Pennsylvania legislators ring up $3.9 million in per diems
HARRISBURG — State taxpayers shelled out $3.9 million during the 2011-12 legislative session for lawmakers' work-related daily food and lodging expenses.
Those who collected the most defend the payments they receive without having to provide receipts.
Rep. Dom Costa, D-Stanton Heights, received the most of any House member or senator: $55,495 in per diems for the two-year period, records show.
“I am not apologizing for per diems,” Costa said. “I am not making excuses. It's not a perk. It's part of the job.”
Costa said he is on active committees and attended dozens of hearings in Philadelphia, where costs are higher than in Western Pennsylvania or Harrisburg.
The federal government sets rates for travel in various cities, and the allowances for daily expenses may be adjusted seasonally.
Trips to Harrisburg typically were $160 to $163 per day. That's a payment legislators may receive in addition to their $83,802 base salaries.
The per diem rates for overnight travel to Philadelphia for committee hearings were $233 in 2011 and $242 in 2012.
Lawmakers need not provide receipts for the payments to prove that they spent the money on their expenses.
Costa said he goes to Harrisburg on Sunday nights to prepare for the week when the House is in session.
“I go to the office, work and get things done (on Sundays),” he said.
As much as he loves the work, Costa, a former Pittsburgh police chief, said he has a mortgage to pay and “it's still a job.”
Costa's total was higher than Rep. Mark Cohen, D-Philadelphia, the subject of news stories about excessive per diems dating to 1990. Cohen's per diems totaled $54,205 during the two years.
“I'm doing my job as a state legislator,” Cohen told the Tribune-Review. “I have no vacation home. I have no time shares. I work hard at being a state legislator. ... I'm in Harrisburg as much as I can be. I believe paying attention to the legislative process is important.”
The problem with per diems is, “They do not require accountability and rely on ‘legislative oversight,'” said Eric Epstein, co-founder of Rock the Capital, a reform group. “Simply put, the Legislature cannot be trusted to monitor itself.”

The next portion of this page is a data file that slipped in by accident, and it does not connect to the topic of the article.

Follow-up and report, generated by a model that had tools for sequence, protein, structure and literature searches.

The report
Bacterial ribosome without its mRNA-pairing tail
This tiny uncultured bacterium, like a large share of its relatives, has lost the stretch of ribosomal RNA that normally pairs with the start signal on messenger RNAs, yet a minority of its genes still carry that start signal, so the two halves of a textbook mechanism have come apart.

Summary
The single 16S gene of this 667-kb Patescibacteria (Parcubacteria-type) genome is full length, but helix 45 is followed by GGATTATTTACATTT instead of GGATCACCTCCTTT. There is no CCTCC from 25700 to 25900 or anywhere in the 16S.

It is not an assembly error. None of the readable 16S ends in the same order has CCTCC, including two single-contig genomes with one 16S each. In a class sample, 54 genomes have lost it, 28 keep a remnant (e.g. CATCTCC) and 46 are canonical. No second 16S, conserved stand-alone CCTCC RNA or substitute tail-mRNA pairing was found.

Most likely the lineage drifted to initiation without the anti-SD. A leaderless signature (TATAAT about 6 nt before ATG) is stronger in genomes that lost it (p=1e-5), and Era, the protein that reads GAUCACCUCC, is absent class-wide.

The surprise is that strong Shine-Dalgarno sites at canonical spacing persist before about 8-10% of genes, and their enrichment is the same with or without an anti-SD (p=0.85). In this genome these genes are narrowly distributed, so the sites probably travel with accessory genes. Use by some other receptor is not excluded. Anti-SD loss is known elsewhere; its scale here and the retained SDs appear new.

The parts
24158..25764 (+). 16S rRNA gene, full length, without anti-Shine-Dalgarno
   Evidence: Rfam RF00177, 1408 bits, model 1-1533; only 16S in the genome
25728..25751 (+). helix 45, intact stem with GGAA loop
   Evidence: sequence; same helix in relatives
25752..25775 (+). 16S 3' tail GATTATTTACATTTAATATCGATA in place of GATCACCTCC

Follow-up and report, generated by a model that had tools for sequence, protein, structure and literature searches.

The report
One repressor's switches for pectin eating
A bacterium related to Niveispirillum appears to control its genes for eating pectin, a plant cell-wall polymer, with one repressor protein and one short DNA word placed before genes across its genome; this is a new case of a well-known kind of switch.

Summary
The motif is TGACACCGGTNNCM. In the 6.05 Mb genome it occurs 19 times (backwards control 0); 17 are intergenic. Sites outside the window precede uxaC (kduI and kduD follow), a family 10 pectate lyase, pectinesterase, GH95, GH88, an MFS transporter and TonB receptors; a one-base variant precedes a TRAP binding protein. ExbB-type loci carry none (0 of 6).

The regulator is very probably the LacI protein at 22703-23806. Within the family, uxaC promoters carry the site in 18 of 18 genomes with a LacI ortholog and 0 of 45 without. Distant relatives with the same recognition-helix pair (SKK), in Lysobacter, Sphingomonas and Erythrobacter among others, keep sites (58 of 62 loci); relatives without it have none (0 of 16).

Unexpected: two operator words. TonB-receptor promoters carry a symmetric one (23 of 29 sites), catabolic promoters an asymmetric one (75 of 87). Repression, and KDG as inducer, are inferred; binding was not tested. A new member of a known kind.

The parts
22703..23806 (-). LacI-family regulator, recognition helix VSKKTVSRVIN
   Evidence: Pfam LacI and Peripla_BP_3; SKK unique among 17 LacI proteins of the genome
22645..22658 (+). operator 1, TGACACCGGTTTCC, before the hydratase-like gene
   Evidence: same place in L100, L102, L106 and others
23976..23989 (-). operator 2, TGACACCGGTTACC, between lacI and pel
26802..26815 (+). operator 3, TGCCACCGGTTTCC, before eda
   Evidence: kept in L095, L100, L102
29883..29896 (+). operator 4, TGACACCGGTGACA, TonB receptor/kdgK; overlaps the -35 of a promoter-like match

The top per diem recipient in the Senate, Democrat Tim Solobay of Canonsburg, wouldn't have cracked the top 10 in the House. Solobay received $32,827 over two years. He said his district is one of the longest distances from the Capitol, along with senators from Erie and Mercer counties.
Solobay said he goes to Harrisburg on Sunday nights for the start of sessions on Mondays.
Newly elected Sen. Randy Vulakovich, a former House member from Shaler, did not accept per diems. Vulakovich, a Republican, said he turns in a receipt for his hotel — about $70 a night. Legislators have the option of receiving actual reimbursement.
“I don't turn in for food,” he said.
Vulakovich said he has no problem with others collecting per diems, given that it's a rate the federal government sets and a capped expense.
“I just think there should be a receipt,” Vulakovich said.
Data not easily obtained
Information on lawmakers' per diems are not readily available in a state office or online. Getting a list requires filing Right to Know requests with the House and Senate.
Legislative leaders and Gov. Tom Corbett last month announced a website called PennWATCH, developed under a law the governor signed to increase transparency in state government. The website doesn't include per diems and legislative expenses.
“With PennWATCH being touted as a gateway to accountability, all legislative expenses and expenditures should be listed, including per diems, perks, pensions and travel,” Epstein said.
Erik Arneson, policy and communications director for Senate Majority Leader Domenic Pileggi, R-Chester County, said he did not know of any state-level budget database that lists every expense.